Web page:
As we approach the 91st anniversary of the Armistice that ended major hostilities in the First World War, this week’s picks are in remembrance of all those who served in the defence of their countries.
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We have released two new audiobooks this week: A School History of the Great War, which includes European history leading up to the war and reasons for America’s eventual entry into the war, and Diary of a Nursing Sister on the Western Front 1914-1915, a most moving account of a British nurse’s experiences during the first year of World War One.
In some of our weekly poetry projects, where a particular poem is read by a variety of readers, you will find works by some of the most distinguished war poets:
- Wilfred Owen:
Smile, Smile, Smile
Anthem for Doomed Youth
Dulce et Decorum Est
- John McCrae:
In Flanders Fields
The Unconquered Dead
During the week commencing November 8th, why not come and join us in making your own recording of The Soldier by Rupert Brooke?
There is a rich variety of books written about the First World War. Here are some suggestions:
Two books by James Norman Hall: High Adventure A Narrative of Air Fighting in France and Kitchener’s Mob Adventures of an American in the British Army.
Four Weeks in the Trenches by Fritz Kreisler, the famed violinist’s account of his service on the Russian Front.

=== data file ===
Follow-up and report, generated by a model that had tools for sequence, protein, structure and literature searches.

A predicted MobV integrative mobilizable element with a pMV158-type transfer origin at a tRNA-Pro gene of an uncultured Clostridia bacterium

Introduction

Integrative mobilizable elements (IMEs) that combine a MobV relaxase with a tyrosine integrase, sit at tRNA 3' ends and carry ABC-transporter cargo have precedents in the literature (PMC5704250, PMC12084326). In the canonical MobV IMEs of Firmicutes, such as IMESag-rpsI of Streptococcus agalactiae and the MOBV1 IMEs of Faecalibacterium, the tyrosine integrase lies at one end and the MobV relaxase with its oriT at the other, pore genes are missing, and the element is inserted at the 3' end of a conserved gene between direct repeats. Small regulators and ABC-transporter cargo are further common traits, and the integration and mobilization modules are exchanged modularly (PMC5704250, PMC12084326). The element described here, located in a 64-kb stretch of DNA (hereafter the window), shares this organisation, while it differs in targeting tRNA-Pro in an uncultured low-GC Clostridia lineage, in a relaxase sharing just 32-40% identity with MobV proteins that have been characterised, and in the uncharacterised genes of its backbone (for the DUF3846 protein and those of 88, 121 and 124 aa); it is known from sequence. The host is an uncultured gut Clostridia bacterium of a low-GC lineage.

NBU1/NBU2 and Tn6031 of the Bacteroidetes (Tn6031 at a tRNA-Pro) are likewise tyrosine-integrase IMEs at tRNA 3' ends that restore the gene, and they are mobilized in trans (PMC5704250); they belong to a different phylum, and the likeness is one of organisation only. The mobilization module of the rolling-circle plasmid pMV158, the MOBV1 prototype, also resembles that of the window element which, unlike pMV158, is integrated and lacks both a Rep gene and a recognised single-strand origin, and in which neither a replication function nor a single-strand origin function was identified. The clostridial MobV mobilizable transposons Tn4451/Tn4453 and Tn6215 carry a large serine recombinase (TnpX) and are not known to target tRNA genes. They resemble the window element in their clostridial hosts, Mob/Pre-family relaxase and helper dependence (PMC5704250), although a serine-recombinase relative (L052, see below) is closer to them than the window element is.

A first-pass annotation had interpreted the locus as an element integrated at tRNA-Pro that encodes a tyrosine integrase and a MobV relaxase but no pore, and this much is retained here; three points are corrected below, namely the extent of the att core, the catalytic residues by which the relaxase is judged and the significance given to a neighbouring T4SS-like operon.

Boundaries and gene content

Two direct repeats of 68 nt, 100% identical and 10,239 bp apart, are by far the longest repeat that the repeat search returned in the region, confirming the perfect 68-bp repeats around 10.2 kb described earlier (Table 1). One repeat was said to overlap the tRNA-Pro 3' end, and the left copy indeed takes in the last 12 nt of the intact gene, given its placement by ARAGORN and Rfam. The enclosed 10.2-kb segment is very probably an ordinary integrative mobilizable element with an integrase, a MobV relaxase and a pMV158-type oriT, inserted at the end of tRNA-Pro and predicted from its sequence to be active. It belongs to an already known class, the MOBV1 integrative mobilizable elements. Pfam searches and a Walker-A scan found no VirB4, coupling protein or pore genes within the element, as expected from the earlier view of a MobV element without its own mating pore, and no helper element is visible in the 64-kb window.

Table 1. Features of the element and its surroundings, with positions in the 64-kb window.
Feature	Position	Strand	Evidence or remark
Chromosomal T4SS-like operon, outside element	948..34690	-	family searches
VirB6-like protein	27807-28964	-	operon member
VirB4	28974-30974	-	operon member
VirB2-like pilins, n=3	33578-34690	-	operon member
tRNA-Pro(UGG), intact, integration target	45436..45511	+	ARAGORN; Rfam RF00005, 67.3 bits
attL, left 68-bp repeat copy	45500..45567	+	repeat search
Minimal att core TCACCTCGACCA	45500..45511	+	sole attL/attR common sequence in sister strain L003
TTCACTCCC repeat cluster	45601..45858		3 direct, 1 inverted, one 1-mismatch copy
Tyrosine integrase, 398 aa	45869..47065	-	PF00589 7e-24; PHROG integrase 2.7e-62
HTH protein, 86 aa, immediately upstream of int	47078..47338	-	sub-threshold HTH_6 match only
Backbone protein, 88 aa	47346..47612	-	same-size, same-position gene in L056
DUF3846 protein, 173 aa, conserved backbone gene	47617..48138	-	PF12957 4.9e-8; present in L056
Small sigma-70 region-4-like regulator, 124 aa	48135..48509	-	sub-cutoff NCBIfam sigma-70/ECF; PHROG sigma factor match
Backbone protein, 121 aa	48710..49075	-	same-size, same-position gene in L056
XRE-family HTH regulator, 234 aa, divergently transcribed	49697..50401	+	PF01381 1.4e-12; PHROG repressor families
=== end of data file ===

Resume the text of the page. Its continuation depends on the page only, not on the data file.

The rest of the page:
Canada’s Hundred Days: With the Canadian Corps from Amiens to Mons, Aug. 8 – Nov. 11, 1918. Part One. Amiens by John Frederick Livesay.
The Escape of a Princess Pat by George Pearson, an account of the capture, imprisonment and final escape of Corporal Edwards, of the Princess Patricia’s Canadian Light Infantry.
Brieven van den nutteloozen toeschouwer, a series of newspaper columns in Dutch, written by well-known Dutch author Louis Couperus in 1914, during the first weeks of World War I.
In the Field (1914-1915) by Marcel Dupont, “a modest Lieutenant of Chasseurs”.
Over the Top by Arthur Empey, an account of the horror of trench warfare. As a little light relief, this also includes Empey’s popular “Tommy’s Dictionary of the Trenches” which humorously demystifies the slang used by the British soldier.
Observations of an Orderly by Ward Muir, who brings us into the heart of an English war hospital, describing scenes of cleanliness, triumph, order and sadness.
There are also a number of interesting items in Short Works Collections, including: